“There was an initial package of $2.5 billion, of which $0.5 billion was a grant and $2 billion a deposit,” Sheikh Hamad bin Jassim al-Thani told reporters after meeting Egyptian President Mohamed Mursi.
“We discussed transferring one of the deposits into an additional grant so that the grants became $1 billion and the deposits double to around $4 billion,” he said.
Egypt has been facing a financial crisis as a month of political strife has cast doubts on the government’s ability to push through unpopular spending cuts and tax hikes needed to persuade the International Monetary Fund to agree to a $4.8 billion loan.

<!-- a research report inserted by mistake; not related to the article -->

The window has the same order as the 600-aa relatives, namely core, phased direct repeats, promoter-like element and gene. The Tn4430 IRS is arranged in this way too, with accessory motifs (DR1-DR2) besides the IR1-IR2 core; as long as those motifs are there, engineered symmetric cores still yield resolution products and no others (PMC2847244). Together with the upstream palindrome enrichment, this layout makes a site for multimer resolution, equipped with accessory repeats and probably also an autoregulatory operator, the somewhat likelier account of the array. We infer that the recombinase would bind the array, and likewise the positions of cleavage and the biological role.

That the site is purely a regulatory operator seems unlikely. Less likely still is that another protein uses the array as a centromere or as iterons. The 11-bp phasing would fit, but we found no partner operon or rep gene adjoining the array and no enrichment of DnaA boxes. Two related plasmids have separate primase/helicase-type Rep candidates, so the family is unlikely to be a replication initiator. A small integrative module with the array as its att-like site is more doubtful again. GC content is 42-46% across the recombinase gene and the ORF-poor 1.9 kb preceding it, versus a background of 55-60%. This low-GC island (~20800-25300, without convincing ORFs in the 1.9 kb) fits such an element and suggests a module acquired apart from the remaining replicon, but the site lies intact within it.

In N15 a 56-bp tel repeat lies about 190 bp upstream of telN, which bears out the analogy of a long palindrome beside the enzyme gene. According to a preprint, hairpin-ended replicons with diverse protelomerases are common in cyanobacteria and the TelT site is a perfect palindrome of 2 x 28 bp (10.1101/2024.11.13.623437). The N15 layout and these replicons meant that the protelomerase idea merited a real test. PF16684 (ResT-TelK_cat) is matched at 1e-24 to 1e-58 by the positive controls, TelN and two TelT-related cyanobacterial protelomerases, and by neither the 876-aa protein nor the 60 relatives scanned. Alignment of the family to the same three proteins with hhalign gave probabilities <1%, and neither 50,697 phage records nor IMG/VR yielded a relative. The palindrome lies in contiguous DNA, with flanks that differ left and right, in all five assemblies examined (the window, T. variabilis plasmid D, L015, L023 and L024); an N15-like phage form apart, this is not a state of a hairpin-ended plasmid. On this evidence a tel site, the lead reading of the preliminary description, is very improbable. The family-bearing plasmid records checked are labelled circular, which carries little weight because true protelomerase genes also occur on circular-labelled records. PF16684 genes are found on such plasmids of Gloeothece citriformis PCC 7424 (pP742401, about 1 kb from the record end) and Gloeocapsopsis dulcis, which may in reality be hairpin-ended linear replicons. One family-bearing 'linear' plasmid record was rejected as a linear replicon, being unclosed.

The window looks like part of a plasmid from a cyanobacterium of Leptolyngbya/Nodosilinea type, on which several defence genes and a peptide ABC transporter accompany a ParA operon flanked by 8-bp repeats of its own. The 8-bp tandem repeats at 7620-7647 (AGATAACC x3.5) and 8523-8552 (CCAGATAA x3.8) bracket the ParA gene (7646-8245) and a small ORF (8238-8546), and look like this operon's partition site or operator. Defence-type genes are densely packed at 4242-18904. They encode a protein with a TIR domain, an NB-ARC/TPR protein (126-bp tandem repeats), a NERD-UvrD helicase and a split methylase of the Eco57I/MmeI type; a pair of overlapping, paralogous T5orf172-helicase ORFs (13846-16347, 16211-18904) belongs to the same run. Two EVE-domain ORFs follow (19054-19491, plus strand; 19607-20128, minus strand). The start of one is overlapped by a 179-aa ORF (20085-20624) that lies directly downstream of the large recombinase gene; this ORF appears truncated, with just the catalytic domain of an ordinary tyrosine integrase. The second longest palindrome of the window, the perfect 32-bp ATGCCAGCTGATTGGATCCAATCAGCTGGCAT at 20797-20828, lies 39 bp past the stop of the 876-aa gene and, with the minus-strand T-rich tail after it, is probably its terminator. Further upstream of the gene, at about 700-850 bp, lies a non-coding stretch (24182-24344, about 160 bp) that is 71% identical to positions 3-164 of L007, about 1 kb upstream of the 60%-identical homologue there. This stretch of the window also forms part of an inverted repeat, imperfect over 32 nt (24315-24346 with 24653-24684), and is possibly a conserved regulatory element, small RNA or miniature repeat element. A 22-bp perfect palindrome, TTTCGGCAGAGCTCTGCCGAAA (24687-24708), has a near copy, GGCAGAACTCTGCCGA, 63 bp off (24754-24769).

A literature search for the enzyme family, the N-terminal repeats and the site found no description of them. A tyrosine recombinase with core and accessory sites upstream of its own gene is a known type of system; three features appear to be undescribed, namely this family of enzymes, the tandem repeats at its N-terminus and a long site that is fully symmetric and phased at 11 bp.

Egypt has spent more than $20 billion in foreign reserves to support the Egyptian pound since the popular uprising that toppled Hosni Mubarak in early 2011.
Reserves fell by $448 million in November to reach $15 billion at the end of the month, equal to only about three months of imports.
The political turmoil has led to a run on the pound, with many investors and ordinary citizens rushing to convert into foreign currencies on concern the government might be forced to allow a sharp devaluation